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R&B Icon Mýa Celebrates 25 Years In The Music Industry

On the 10th of May, Mýa Harrison celebrated twenty-five years in the music industry by taking part in a press conference hosted by 1824. To celebrate her craft, the Grammy award-winning singer has focused on honouring the beginnings of her career with the release of Mýa (Deluxe), and teasing the press with further projects that should grace social media and streaming services soon.

Along with her iconic music career, in 2008 she launched her own music label called ‘Planet 9’ which allowed her to have creative licence over her own art. Having such creative licence has allowed her to spread her philanthropic nature throughout the industry, curating the inspiring woman she is today.

Healthline was able to sit down with the R&B legend to ask her a couple of questions on healing, wellness, womanhood and empowerment; things that resonate with our ethos.

Your career focuses both in and out of the studio on female empowerment. As a woman, how do you empower yourself each day?

Each waking day I start with gratitude just for existence. For life and breath in my body, and we can take things from there.

I think often (especially these days) we can go straight to the cell phone, or the to-do-list, or being stressed out and not wanting to get out of bed. We have the perception of being something. Something greater than we already are, which is the greatest thing.

Part of my empowerment is to unlearn, unprogram, unplug and start at the basics. Starting at the bare minimum is the greatest thing ever because I think we have all grown up in a world where we were constantly asked what do you want to be? What are you wearing and who are you wearing? What do you want to be when you grow up? Or being told we are sinners at birth! There are all of these kinds of things that can take a toll on our psyche that disempower us.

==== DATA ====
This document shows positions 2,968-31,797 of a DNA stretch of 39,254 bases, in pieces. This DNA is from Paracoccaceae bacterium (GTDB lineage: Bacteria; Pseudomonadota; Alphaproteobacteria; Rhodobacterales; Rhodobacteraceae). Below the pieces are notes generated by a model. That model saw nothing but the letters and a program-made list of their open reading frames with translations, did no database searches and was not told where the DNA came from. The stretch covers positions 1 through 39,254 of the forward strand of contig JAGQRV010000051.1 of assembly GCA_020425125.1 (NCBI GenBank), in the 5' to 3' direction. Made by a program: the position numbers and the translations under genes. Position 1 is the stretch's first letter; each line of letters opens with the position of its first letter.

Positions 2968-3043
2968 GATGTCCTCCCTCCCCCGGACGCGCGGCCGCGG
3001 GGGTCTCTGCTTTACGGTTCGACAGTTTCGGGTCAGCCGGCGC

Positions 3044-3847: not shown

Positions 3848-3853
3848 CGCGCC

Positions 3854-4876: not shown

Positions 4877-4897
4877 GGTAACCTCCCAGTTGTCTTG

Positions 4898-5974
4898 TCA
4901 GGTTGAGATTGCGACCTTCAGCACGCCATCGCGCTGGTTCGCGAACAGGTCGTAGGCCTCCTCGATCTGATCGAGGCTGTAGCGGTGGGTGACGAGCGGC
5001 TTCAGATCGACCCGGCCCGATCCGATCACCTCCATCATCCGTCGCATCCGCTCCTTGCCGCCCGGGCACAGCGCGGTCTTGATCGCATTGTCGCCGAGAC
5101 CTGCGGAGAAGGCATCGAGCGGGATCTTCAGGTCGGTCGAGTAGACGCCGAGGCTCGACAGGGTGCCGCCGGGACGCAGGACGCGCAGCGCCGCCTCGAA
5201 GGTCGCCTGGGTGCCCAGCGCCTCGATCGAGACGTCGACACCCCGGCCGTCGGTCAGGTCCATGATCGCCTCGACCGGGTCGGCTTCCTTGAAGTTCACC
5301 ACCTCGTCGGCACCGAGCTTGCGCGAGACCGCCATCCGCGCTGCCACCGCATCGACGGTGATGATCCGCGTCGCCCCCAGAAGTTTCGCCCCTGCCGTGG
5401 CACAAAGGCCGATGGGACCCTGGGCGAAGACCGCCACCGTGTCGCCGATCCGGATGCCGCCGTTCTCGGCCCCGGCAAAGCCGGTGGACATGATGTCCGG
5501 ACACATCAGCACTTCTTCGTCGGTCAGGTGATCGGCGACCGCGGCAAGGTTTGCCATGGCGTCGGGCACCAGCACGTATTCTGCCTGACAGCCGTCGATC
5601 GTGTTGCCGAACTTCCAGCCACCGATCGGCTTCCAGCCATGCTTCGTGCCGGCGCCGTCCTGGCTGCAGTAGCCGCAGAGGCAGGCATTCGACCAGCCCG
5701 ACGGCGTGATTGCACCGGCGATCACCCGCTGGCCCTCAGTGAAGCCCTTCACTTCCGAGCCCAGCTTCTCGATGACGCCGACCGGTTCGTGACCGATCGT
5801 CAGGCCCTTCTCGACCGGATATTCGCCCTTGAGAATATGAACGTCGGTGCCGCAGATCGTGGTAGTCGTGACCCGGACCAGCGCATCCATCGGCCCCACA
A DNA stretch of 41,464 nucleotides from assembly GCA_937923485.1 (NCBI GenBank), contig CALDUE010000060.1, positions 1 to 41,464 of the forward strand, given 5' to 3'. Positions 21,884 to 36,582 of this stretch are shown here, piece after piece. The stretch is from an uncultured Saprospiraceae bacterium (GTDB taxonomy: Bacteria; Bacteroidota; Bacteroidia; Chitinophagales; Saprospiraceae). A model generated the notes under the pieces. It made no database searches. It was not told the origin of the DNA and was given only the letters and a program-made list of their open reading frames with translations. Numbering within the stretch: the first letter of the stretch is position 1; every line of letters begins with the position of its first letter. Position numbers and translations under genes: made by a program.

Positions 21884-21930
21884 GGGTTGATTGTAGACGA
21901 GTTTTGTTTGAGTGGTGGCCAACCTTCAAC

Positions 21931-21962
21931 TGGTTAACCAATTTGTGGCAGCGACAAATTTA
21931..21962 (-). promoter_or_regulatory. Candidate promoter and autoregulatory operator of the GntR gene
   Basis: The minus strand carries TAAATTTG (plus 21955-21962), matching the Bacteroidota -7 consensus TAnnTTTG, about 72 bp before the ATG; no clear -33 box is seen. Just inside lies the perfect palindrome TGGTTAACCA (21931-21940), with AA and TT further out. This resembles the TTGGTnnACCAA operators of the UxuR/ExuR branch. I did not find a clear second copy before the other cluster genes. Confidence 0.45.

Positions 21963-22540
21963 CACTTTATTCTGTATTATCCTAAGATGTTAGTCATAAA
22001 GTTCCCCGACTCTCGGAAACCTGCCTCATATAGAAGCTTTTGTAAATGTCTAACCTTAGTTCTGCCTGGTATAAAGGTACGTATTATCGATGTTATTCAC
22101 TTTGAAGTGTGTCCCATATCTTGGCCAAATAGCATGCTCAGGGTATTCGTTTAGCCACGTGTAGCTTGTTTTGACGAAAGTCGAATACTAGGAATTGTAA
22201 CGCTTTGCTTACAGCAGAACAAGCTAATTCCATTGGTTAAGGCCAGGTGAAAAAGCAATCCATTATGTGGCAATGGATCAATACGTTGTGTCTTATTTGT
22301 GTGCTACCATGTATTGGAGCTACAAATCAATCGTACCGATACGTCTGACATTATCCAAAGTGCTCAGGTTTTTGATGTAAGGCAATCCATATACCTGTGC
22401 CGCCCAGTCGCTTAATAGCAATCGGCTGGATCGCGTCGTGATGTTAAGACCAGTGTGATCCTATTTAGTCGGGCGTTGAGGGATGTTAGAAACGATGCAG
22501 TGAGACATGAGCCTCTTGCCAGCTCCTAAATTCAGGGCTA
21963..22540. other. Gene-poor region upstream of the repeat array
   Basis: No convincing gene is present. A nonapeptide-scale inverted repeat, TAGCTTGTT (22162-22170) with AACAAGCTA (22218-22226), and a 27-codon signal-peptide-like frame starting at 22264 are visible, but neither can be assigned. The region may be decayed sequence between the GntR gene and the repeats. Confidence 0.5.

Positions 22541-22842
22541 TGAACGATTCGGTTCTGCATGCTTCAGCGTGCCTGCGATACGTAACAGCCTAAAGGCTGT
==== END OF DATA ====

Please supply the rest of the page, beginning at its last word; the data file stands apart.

So I think that there was another age in time where all we had was nature. This is the way I would like to govern my life.[…] I’m empowered. And I can go back into the world knowing I am okay as I am; a work in progress, always evolving. It takes a very, very, very solid space to be gentle with yourself[…]

That’s where I’ve found my magic, that’s where I have found my constant and that’s where I felt okay.

Throughout your studio albums you have created this beautiful hybridity of R&B and pop music. As you combine your lyrical and vocal artistry with an abundance of genres, has this been a way for you to speak to a wider audience on female empowerment and self-love today?

Music is one medium of expression, and I think starting at the place, doing what you feel and how you feel doing so is where art comes from. Sometimes expressing yourself or how you feel isn’t necessarily genre-based and it comes out how it comes out. Music is one of those tools like many forms of art we use as therapy, and someone out there can relate.

I think when there’s an actual intention for a sound or a cohesive nature of a project I make a conscious decision to say, "Okay, this is strictly for my R&B fans who say they aren’t getting enough R&B on the airwaves."

I think being influenced through my childhood through the arts, going to a multicultural school and understanding that the world is built with so many types of people and cultures and art forms[…] A lot of different things I was exposed to, so I’m a melting pot of influence.

Art is like children. We go to the playground doing all kinds of things and it just comes out. We’re creating games, we have a whole different language and the world speaks it. Music is a universal language. I think it’s a feeling, an expression and it can be delivered in many different ways which will sound different every time.